Tragedy struck the family when Robert Greenhow died soon after little Rose's birth. After his death, Rose saw her oldest child Florence marry and move west, and later, just before the Civil War,Gertrude, the second daughter, died.

Espionage during the Civil War

Rose's sympathy for the Confederate cause grew after her husband's death. She was strongly influenced in her commitment to the right to secession by her friendship with John C. Calhoun. Rose's loyalty to the Confederacy was noted by those with similar sympathies in Washington, and she was soon recruited as a spy.

On July 9, 1861, and July 16, 1861, Rose passed secret messages to Confederate General P.G.T. Beauregard containing critical information regarding the First Battle of Manassas and the plans of Union General Irvin McDowell. Assisting in her conspiracy were pro-Confederate members of Congress, Union officers, and her dentist, Aaron Van Camp. Confederate President Jefferson Davis credited Rose Greenhow's information with securing victory at Manassas for the Confederate Army over the Union Army.


Knowing that many in Washington suspected her of spying for the Confederacy, Rose feared for her remaining family's safety and sent her daughter Leila west to live with her other daughter Florence and son-in-law, Seymour Treadwell Moore. Moore was a captain in the Union Army.

On August 23, 1861, Allan Pinkerton, head of the recently-formed Secret Service, apprehended Rose Greenhow and placed her under house arrest. Other leaked information was traced back to her home, and upon searching her home for further evidence, Pinkerton and his men found maps of Washington fortifications and notes on military movements.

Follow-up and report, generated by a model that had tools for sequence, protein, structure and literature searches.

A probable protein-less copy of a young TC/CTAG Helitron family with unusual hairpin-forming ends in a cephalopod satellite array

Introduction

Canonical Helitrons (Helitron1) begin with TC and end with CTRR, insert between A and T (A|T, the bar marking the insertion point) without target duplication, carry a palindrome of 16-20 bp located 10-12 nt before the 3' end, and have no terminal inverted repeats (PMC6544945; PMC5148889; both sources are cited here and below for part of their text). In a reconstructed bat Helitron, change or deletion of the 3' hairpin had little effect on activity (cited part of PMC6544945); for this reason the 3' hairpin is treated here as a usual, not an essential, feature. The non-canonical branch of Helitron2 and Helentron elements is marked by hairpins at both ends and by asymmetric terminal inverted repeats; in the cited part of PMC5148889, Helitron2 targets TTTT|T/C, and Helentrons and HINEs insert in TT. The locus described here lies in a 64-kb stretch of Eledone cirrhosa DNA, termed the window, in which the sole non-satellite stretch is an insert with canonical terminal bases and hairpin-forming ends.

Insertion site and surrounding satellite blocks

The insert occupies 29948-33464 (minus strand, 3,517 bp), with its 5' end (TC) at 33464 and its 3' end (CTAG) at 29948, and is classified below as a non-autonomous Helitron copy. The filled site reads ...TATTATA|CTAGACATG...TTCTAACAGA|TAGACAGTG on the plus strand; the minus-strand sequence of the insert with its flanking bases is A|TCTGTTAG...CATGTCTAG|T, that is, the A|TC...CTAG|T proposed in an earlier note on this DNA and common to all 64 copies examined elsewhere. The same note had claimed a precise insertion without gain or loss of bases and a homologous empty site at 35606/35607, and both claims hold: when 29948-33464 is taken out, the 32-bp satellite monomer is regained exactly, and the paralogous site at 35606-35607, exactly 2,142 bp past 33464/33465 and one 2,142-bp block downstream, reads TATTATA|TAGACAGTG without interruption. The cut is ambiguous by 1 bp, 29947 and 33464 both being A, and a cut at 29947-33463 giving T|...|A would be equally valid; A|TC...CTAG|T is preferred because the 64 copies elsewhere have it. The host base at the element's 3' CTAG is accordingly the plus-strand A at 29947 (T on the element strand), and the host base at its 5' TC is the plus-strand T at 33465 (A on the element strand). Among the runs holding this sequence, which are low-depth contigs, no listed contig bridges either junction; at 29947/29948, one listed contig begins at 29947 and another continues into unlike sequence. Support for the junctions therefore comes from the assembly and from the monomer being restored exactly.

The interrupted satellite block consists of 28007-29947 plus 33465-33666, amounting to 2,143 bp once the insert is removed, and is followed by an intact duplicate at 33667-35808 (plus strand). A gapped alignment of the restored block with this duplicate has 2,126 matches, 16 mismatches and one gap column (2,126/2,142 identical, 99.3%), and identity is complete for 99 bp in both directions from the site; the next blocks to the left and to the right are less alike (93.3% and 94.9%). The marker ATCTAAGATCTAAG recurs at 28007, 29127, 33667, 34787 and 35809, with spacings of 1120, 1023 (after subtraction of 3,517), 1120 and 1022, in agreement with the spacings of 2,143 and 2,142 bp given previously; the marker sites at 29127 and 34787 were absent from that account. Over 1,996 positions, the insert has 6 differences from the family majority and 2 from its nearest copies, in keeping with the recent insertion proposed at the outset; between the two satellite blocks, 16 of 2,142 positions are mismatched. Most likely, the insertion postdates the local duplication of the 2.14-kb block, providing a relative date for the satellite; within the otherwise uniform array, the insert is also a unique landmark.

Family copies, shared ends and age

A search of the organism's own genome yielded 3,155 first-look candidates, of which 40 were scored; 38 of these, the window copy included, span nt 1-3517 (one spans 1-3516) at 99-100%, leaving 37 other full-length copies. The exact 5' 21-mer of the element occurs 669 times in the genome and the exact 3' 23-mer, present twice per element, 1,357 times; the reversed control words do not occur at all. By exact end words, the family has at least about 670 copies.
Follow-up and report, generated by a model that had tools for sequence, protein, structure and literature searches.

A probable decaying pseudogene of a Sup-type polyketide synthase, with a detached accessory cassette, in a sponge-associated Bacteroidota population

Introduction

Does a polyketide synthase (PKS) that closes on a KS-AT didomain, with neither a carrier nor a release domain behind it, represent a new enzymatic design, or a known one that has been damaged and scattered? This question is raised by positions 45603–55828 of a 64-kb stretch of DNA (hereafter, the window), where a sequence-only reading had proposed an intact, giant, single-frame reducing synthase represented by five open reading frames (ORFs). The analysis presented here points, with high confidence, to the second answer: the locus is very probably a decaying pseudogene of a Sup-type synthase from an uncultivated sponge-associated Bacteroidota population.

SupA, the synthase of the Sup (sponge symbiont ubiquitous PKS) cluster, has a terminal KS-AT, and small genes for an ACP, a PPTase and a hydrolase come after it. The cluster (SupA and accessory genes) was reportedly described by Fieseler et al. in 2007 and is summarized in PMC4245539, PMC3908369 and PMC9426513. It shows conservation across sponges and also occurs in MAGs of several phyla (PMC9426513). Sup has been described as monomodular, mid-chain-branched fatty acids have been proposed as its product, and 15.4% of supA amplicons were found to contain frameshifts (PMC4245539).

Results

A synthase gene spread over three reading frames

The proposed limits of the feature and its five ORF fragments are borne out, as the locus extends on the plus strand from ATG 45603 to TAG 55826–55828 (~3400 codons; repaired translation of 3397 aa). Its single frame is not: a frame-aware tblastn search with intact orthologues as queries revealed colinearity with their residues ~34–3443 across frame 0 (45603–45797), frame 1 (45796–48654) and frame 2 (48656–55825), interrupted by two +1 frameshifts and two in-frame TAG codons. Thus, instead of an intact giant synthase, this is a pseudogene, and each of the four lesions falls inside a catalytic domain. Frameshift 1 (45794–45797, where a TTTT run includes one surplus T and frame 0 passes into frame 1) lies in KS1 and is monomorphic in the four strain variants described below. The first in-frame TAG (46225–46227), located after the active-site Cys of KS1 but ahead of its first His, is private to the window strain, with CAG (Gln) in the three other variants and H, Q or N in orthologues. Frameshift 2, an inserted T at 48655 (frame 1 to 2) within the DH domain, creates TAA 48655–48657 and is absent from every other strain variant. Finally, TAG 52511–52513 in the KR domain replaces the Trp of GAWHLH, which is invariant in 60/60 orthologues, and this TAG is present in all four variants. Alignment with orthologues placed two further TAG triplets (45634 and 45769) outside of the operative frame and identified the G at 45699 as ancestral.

On January 18, 1862, Rose Greenhow was transferred to Old Capitol Prison. Her eight-year-old daughter "Little Rose," was permitted to remain with her. She continued to pass along messages in unusual ways while imprisoned. For example, she was said to have sent one message concealed within a woman visitor's bun of hair. Passers-by could see Rose's window from the street. The position of the blinds and number of candles burning in the window had special meaning to the "little birdies" passing by. Rose also, on one occasion, flew the Confederate Flag from her prison window.

International acclaim

On May 31, 1862, Rose Greenhow and her daughter were released from prison. Deported to Richmond, Virginia, she was hailed as a heroine by Southerners. Jefferson Davis welcomed her home and soon enlisted her as a courier to Europe. From 1863 to 1864, she traveled through France and Britain on a diplomatic mission for the Confederacy. There was much sympathy for the South among European aristocrats. While in France, she was received in the court of Napoleon III at the Tuileries. In Britain, she had an audience with Queen Victoria and became engaged to Granville Leveson-Gower, 2nd Earl Granville. Two months after arriving in London, Rose Greenhow wrote her memoirs, titled My Imprisonment and the First Year of Abolition Rule at Washington, which sold well in Britain. The details of her mission to Europe are recorded in her personal diaries, dated August 5, 1863, to August 10, 1864.